This post is written as part of the Round Table Discussions with Natural Parent Network volunteers. In an effort to discuss, support, and promote a kinder, more gentle world, we are taking an in depth view of various books. Our current book is Peaceful Parent, Happy Siblings: How to Stop the Fighting and Raise Friends for Life by Dr. Laura Markham, author of Peaceful Parent, Happy Kids: How to Stop Yelling and Start Connecting. We hope you will join us with an open mind and a desire for change and growth.
Life gets busy. Life with kids gets even busier. And in all of that busy-ness, it can often feel like we are running around from one crisis to another. If our children are happily playing, we assume we have a few minutes to ourselves and life is grand. Conventional parenting agrees with that. Parents step in to put out the proverbial fires: the medical emergencies, the melt-downs, and the sibling wars. Unfortunately, that method tends to leave parents scrambling from one problem to another, gasping for breath in between, and not enjoying our children as much as we could. It also focuses on the problems.
While our children definitely need us during those times, by doing a little bit of preventative work, we can help our children, and ourselves, live calmer, more peaceful lives. Peaceful parents want to figure out the cause of the problem and work together with our children to both fix the current problem and to help learn new ways of doing things so that we can prevent it from reoccurring. What can we do now to help make things better all of the time?
- Children need to feel special and appreciated. When our children are secure in the knowledge that we love them for the very unique person they are, they are less likely to act out or to compete with siblings for our attention.
- Children need to feel connected with their loving adults. When we feel connected with another person, we are more likely to cooperate and work with that person.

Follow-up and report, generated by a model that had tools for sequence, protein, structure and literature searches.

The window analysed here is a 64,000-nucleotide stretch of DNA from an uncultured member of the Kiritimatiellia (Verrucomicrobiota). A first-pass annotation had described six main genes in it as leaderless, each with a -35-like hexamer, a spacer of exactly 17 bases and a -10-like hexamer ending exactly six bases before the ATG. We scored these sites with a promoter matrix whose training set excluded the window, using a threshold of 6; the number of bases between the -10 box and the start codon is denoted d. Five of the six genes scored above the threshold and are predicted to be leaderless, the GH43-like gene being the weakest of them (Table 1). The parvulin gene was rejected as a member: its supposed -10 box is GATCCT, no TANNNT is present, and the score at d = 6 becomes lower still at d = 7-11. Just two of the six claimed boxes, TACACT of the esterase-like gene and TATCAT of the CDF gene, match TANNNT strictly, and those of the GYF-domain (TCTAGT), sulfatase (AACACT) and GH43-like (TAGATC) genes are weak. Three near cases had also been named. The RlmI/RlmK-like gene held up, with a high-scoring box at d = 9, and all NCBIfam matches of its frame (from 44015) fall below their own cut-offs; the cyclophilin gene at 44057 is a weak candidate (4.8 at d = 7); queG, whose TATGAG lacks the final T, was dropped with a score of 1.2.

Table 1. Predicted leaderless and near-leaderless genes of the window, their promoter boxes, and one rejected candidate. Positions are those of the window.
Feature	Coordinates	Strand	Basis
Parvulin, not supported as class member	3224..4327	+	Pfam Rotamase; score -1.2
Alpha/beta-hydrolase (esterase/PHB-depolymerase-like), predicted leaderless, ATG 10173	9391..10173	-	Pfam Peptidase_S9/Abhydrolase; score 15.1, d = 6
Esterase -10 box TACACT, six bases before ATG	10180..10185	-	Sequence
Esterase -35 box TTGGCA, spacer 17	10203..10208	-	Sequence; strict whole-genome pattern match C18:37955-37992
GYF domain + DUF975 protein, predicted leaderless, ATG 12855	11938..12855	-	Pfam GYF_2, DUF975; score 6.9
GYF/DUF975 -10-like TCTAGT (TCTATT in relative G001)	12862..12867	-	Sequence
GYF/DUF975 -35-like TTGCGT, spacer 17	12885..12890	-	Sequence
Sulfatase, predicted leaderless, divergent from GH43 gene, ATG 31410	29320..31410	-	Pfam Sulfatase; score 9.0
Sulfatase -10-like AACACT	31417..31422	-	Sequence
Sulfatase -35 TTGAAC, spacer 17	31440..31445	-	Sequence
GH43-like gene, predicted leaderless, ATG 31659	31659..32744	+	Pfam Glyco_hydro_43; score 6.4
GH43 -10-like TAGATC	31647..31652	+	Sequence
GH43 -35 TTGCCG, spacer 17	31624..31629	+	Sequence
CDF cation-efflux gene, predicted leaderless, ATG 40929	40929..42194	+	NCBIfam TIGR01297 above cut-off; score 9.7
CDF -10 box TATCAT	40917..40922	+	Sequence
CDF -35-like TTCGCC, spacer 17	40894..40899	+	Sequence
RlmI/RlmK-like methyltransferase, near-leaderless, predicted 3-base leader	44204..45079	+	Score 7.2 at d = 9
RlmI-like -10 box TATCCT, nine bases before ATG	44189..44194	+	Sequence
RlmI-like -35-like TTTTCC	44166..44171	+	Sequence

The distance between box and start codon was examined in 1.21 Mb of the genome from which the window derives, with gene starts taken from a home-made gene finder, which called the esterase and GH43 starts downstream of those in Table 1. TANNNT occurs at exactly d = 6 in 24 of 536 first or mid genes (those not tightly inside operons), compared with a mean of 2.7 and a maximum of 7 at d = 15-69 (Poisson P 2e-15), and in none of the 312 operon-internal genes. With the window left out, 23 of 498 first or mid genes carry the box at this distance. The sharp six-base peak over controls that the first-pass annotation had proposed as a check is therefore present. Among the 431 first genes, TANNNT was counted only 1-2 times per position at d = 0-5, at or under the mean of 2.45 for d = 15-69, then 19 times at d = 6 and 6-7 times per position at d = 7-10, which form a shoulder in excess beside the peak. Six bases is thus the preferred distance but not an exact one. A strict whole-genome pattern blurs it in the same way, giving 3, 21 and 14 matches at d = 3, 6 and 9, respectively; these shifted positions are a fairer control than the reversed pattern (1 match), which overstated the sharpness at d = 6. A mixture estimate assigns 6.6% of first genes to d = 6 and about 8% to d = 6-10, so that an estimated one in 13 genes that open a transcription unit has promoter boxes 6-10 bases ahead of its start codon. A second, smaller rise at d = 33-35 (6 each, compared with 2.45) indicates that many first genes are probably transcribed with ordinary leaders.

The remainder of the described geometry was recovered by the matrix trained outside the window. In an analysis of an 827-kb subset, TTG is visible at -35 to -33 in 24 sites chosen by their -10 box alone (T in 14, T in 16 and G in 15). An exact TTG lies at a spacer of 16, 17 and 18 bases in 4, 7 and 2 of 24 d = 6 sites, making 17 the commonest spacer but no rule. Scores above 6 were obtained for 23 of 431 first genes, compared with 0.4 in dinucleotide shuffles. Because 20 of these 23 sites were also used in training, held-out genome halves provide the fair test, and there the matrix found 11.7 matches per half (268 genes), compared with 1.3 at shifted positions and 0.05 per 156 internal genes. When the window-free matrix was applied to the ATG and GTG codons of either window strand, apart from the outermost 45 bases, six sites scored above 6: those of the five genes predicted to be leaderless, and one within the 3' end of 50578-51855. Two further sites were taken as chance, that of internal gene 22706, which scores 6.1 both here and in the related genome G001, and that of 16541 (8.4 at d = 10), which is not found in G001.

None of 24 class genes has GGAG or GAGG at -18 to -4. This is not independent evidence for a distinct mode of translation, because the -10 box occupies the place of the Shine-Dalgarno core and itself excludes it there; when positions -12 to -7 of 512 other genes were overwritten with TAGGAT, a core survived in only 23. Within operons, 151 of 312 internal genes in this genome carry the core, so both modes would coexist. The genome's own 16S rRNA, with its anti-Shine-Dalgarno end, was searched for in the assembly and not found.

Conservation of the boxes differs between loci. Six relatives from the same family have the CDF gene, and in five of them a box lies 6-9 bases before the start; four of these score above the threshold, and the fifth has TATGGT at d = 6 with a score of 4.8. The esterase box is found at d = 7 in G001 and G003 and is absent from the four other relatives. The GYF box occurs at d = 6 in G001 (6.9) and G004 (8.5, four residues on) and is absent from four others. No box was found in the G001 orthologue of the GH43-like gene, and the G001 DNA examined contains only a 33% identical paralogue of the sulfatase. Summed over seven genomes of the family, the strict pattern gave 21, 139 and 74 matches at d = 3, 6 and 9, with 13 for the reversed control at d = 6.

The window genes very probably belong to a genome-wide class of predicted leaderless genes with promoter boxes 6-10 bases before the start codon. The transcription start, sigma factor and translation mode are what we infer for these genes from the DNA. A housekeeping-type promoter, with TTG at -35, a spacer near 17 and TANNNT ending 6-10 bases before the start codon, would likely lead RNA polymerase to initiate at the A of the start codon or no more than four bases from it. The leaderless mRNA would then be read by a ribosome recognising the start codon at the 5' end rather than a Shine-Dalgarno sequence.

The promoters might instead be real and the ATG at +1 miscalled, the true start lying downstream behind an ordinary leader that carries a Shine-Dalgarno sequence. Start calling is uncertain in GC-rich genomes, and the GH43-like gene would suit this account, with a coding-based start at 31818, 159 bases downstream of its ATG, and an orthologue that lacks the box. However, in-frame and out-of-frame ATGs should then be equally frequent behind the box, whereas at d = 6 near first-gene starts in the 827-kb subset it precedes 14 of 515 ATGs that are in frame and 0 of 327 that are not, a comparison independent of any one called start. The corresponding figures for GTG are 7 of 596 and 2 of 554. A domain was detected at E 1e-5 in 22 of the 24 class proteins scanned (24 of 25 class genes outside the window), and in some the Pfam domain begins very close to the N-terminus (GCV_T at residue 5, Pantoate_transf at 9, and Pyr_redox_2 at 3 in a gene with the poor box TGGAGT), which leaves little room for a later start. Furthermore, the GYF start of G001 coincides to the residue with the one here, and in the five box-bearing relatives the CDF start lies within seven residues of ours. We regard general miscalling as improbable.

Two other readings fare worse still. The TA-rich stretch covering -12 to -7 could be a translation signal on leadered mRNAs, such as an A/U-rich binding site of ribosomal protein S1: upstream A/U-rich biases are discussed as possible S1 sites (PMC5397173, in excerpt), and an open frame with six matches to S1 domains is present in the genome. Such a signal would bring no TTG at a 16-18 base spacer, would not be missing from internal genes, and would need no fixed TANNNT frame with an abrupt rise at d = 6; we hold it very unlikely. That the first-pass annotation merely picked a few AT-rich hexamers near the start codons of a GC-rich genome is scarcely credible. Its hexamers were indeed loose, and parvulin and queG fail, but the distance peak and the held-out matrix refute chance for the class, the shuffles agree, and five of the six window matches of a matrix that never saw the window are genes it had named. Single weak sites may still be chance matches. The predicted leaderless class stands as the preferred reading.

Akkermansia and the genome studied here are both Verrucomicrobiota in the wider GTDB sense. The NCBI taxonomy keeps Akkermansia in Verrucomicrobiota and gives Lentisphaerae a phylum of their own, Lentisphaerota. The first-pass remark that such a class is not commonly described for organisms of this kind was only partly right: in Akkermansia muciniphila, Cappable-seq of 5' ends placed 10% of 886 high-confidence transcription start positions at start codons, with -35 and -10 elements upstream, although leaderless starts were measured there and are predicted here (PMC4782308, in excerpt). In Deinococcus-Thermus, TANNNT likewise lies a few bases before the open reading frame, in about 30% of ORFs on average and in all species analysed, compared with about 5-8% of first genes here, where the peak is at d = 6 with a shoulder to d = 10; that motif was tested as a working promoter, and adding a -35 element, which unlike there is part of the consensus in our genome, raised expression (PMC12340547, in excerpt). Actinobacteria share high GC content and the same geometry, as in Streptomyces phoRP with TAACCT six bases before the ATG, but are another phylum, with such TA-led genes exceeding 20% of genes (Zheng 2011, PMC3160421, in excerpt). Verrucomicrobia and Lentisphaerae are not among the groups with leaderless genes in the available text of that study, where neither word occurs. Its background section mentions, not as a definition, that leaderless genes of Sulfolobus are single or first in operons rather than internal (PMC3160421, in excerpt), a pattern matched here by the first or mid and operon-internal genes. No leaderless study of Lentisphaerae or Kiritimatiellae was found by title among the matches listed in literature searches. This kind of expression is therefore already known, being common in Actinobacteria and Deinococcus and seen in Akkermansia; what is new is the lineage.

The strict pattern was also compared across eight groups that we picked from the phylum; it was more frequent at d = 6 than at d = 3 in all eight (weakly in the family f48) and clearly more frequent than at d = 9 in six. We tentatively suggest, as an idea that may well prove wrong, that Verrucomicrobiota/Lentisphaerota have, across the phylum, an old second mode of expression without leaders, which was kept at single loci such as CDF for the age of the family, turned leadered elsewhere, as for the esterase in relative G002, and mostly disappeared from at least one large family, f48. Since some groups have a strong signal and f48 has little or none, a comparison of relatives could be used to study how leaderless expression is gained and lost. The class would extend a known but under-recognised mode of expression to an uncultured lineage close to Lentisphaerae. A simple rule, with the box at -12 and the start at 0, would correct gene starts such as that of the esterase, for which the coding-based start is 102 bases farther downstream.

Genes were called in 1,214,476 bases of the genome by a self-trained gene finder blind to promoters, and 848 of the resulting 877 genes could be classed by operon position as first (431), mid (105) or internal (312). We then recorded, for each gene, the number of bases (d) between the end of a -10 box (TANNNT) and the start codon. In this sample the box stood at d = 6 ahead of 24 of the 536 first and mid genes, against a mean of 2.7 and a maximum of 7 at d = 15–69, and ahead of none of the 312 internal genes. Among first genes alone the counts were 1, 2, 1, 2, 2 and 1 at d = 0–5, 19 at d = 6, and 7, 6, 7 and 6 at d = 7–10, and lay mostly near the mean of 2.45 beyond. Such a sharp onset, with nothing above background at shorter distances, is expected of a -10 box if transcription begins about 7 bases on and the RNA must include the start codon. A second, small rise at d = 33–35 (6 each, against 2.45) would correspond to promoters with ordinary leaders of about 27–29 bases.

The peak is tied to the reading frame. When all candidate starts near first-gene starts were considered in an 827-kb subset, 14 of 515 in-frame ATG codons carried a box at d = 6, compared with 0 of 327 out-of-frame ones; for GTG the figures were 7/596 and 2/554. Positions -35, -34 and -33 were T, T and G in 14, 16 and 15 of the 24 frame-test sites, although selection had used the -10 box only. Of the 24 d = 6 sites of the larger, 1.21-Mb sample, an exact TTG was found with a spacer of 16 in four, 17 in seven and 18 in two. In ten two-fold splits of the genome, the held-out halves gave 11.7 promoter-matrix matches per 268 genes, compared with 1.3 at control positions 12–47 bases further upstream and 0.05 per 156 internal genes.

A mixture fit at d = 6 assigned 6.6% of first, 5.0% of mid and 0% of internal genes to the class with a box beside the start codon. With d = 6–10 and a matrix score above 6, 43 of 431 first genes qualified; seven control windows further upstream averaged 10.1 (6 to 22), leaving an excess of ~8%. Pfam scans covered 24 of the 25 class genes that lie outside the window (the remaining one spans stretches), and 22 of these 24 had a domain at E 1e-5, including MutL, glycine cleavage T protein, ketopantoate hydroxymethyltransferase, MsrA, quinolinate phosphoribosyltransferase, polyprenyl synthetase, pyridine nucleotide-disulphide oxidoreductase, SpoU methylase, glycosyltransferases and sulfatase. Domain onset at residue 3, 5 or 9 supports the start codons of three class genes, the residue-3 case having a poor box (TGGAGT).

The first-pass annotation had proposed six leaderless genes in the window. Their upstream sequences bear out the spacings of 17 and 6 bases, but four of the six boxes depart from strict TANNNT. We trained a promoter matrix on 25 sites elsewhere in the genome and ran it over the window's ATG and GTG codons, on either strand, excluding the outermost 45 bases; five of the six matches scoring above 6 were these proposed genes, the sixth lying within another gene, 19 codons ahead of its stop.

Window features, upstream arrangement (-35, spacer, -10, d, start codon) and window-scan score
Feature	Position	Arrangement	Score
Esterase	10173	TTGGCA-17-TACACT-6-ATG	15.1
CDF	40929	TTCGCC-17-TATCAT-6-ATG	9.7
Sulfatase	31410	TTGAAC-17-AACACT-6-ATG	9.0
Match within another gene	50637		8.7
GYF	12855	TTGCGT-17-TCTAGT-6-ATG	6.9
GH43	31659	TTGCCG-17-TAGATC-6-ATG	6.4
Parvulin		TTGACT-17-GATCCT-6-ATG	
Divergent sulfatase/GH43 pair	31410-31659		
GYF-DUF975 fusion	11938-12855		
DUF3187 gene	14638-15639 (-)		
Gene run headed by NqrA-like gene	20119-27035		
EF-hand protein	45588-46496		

- Children need to feel safe. When children feel safe, they are better able to regulate their emotions, which means they are less likely to bottle their emotions up until the metaphorically explode.
- Children need help. There will be times when our children, who are still learning about life, will need us to step in. Pay attention to the warning signs so that you can step in and coach your child before the nuclear melt-down.
- Children need frequent positive interactions. No one feels good when everything is negative. When we interact with our children in positive ways, they feel more positive about how they interact with others. When we work with our children, they have more positive interactions with siblings, too, making them more likely to be empathetic with their siblings.
- Children need a positive role model. Our children learn more from our actions than from our words. Respond in ways you want your children to respond to others: with empathy and caring, with consideration, and with respect. They are watching.
When our children have their emotional and physical needs met, they are more empathetic to others, more likely to work together with others, and are better able to respond rather than react to situations in general.
Interested in reading more about the concepts in the second chapter of Peaceful Parents, Happy Siblings? Check out these posts by Natural Parent Network volunteers:
Rethinking and Refreshing Shannon at The Artful Mama discusses the ways her family is talking about emotions and connection with the use of concrete tools and techniques to help each child feel more in control of themselves and more empathetic of each other.
Preventing Breakdowns in Our Kids Julia, of A Little Bit of All of It, writes about the importance of connecting with our kids and scheduling daily special time with them and how meeting their emotional needs helps to prevent breakdowns..
Positive Parenting Affirmations and Resources Dionna at Code Name: Mama is committed to positive parenting. She has shared five of the top reasons she practices positive parenting, including her desire to build strong sibling relationships.
Why We Won’t Be Scheduling Melt-Downs Having a lot of techniques for dealing with issues we face as parents is beneficial. However, at Living Peacefully with Children, Mandy explains why scheduling melt-downs is one technique her family won’t be using.
Because Kids Don’t Come With Manuals “Why do you read so many books about parent stuff?” Was the question Kat from MomeeZen got from one of her daughter’s recently. In this post, Kat from MomeeeZen, writes about how emotionally tough it was for her to read Chapter Two of “Peaceful Parent, Happy Siblings,” and how she explained to her kids that being a parent is something you learn because kids don’t come with manuals.
Peaceful Parent, Happy Siblings: Chapter Two At Embrita Blogging, Emily discusses the use of empathy, something she feels is sorely lacking in our culture, in raising siblings who get along with one another.
Parenting without Punishment: Savvy Siblings At Living Peacefully with Children, Mandy discusses the ways in which punishment actually work against the goal of parenting: teaching and guiding.